Global equities last week were once again little changed and remain at the top end of the trading range seen since last summer. This calm, however, has an uneasy feel about it because big question marks continue to hang over the economic outlook. We reviewed these areas of uncertainty a month ago and, a month on, it seems worth revisiting them to see if recent data has left us any the wiser.
First and foremost is the question of whether the US (and by implication, the West more generally) is heading into recession. This remains a matter of intense debate with leading indicators all very much still flashing red.
One such indicator is bank lending conditions which have continued to tighten as a result both of the Fed rate hikes and the regional banking crisis. While the latter looks unlikely to pose a systemic threat – even if it has claimed another scalp with First Republic Bank being gobbled up by JPMorgan – it does represent a significant drag on the economy.
Yet last Friday saw US employment post a larger than expected gain in April and the unemployment rate fall back to its January low of 3.4%. As for the first quarter GDP numbers released the previous week, the headline growth rate slowed to a sluggish annualised 1.1% but underlying demand posted a firm gain of over 3%.
In a nutshell, the lagging and coincident indicators of activity still show no sign of the imminent recession flagged by the leading indicators. We are sticking to our view that we are most likely headed into a recession but only a mild one.
Echoing in part this resilience, corporate earnings held up better than expected in the first quarter. S&P 500 earnings are now projected to be down only 1% on a year earlier, rather than the 5% forecast at the start of reporting. Importantly, the tech mega cap stocks, which have led the market recovery this year, generally beat expectations.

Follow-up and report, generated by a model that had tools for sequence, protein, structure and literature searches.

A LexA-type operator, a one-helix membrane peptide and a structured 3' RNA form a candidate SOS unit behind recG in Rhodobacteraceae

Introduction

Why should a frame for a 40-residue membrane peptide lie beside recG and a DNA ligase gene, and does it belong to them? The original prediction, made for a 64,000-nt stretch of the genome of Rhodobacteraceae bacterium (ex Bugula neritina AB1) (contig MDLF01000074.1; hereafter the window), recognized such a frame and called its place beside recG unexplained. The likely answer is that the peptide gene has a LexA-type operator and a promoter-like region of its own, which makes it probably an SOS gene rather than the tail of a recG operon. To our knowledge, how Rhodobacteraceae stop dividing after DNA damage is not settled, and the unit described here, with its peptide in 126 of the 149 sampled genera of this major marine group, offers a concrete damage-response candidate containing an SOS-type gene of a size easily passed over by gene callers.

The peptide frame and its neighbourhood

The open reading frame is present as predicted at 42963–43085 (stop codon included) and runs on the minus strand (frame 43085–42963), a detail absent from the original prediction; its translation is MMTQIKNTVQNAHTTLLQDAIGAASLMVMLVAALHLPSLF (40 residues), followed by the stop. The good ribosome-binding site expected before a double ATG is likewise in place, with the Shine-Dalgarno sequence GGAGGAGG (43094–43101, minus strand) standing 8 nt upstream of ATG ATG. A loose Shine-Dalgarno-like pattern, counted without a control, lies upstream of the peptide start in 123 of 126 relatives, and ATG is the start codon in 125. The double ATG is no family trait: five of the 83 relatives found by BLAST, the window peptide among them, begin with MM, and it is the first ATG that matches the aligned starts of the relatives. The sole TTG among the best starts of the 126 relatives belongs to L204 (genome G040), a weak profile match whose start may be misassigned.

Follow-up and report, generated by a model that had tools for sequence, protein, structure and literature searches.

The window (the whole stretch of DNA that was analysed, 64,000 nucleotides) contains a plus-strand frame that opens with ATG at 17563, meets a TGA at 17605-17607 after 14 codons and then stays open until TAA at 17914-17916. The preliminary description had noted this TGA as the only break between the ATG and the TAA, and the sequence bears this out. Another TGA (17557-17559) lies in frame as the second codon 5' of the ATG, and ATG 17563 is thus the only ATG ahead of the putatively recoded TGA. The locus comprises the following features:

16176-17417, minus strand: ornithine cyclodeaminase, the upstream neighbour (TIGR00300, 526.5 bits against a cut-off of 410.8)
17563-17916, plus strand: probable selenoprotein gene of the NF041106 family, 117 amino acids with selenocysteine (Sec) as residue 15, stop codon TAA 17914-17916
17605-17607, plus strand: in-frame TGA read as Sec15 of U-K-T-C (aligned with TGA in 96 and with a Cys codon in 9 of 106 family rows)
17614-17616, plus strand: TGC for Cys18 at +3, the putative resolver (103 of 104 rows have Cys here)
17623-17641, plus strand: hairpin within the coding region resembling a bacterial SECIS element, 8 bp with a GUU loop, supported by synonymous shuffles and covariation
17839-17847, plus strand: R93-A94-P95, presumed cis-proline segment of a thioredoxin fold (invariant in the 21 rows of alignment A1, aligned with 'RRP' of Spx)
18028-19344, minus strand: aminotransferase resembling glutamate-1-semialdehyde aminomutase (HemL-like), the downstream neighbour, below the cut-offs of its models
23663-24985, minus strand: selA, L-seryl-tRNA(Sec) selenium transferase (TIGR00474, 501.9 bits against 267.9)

The second key question facing the markets is whether the Fed will ease policy later this year. As widely anticipated, the Fed last week raised rates by a further 0.25% to 5-5.25% and pointed to a pause in tightening. But it gave no indication that it was planning to ease policy later this year, as the market is confidently predicting.
We continue to think rates will remain higher for longer than the market believes. This is both because the economy is proving unexpectedly resilient and because underlying inflation continues to run at around 5.5%, with no clear sign yet that it is on a marked downward trend. Indeed, wage growth, which is a major focus for the Fed, has recently surprised on the upside.
The ECB also raised rates last week by 0.25% to 3.25% but categorically said it was not in ‘pause’ mode, and a further 0.5% increase looks on the cards over the summer. As for the BOE, it meets this Thursday. Following the recent poor inflation numbers, it also looks certain to raise rates by 0.25% to 4.5% with a further 0.25% increase looking fairly likely over coming months.
In addition to these two key questions, one new wild card is now rearing its head. The US needs to increase its federal debt ceiling and could run out of money as soon as early June according to Treasury Secretary Yellen. This in theory raises the all but unthinkable possibility of a US default. The issue is that the Republicans say they will only agree to raise the debt ceiling if there are sizeable cuts in government spending which are unacceptable to the Democrats.
We have seen this game of chicken played out on a few occasions before. Some extension has eventually always been reached, albeit often not until the eleventh hour and at the cost of varying degrees of disruption and market volatility. This time will most likely prove no different.
Beyond this tail risk, the main risk for equities is that they are having their cake and eating it. Valuations are back up to their long-term average in the case of global equities and significantly above in the case of the US. This is seemingly justified by the assumption of renewed gains in corporate earnings over the coming year along with a fall in interest rates.
The problem is that these two scenarios look incompatible. Interest rates will only be cut if there is a recession which would in turn undermine earnings. While a large slice or two of cake was more than justified this past weekend, cakeism carries rather more of a risk for markets.
Rupert Thompson – Chief Economist